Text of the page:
Status and Distribution
Scarce, with recent records indicating there are only two remaining areas for this species - in Cornwall and in the Scottish Highlands. Last recorded in northern England in 1921.
Bradley & Fletcher no:
Maps updated with all data received by January 2020.
Finding the Moth
Larva: in a silken tube at the base of the plant (in Scotland the moth utilises the prostrate form of its foodplant) from late June to mid-September.
Adult: flies in sunshine making short flights close to the ground, can be disturbed during mid-morning and occasionally comes to light.
In view of the scarcity of this species in England, it is recommended that no collection of larvae or adults takes place at the Cornish colony. Should the species be suspected from a new or previously known site in England it may be necessary to retain a single voucher specimen. Do please pass the details to your County Moth Recorder.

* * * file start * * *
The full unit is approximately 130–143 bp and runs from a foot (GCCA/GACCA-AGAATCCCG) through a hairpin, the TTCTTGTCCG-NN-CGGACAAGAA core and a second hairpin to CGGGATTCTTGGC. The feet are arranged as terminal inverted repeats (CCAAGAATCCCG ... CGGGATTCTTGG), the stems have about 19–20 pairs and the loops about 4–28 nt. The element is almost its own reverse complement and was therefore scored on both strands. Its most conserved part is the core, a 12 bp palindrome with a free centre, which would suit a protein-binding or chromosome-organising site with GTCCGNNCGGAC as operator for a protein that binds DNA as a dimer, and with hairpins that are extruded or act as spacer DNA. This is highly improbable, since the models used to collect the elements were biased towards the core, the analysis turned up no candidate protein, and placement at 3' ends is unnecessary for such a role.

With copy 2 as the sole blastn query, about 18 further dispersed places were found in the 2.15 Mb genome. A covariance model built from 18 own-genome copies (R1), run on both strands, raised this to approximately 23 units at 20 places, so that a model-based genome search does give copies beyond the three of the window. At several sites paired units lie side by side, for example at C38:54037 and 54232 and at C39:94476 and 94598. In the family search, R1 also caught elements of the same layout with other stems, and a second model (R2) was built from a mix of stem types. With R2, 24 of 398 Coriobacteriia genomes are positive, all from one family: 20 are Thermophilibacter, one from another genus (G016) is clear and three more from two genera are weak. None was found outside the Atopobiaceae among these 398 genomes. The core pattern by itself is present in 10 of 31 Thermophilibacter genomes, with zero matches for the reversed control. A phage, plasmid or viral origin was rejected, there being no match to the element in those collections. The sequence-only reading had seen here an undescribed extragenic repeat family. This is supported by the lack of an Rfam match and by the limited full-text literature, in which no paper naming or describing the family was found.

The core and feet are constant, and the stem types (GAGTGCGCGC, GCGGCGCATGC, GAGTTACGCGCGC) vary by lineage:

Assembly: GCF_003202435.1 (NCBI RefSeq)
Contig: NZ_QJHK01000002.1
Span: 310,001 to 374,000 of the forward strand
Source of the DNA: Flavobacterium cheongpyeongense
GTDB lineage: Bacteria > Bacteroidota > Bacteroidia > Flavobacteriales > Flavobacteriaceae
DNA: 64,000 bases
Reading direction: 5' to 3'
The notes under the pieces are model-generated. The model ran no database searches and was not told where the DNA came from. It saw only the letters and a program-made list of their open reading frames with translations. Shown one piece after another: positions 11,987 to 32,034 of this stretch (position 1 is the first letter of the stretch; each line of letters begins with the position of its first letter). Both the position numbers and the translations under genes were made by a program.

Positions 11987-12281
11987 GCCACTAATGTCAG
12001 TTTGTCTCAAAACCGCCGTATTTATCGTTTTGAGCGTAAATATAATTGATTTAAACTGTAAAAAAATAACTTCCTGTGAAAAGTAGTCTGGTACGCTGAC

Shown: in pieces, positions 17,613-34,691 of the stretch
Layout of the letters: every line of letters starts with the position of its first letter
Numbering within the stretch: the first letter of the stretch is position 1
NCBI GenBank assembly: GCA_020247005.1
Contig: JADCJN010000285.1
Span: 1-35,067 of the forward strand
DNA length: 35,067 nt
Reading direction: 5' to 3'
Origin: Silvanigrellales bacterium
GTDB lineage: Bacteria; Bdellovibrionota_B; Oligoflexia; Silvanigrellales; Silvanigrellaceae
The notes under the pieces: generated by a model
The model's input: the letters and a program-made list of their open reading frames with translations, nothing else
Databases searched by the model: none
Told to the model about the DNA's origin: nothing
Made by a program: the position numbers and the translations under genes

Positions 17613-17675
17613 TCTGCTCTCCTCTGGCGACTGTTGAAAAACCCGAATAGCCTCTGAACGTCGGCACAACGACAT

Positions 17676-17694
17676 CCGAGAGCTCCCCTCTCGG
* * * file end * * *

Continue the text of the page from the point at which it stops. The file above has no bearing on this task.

Some smaller examples of Prolita solutella which has a wingspan from 16-21mm (P. sexpunctella is 13-17mm), with the forewings light grey and with black fasciae, are similar to P. sexpunctella. The species can be separated by the presence of the whitish distal area on each segment of the abdomen in P. sexpunctella, absent in P. solutella.
Single brooded from mid-May to late June.
Earliest: 14th May 1998 (VC96)
Latest: 1st July 1909 (VC96)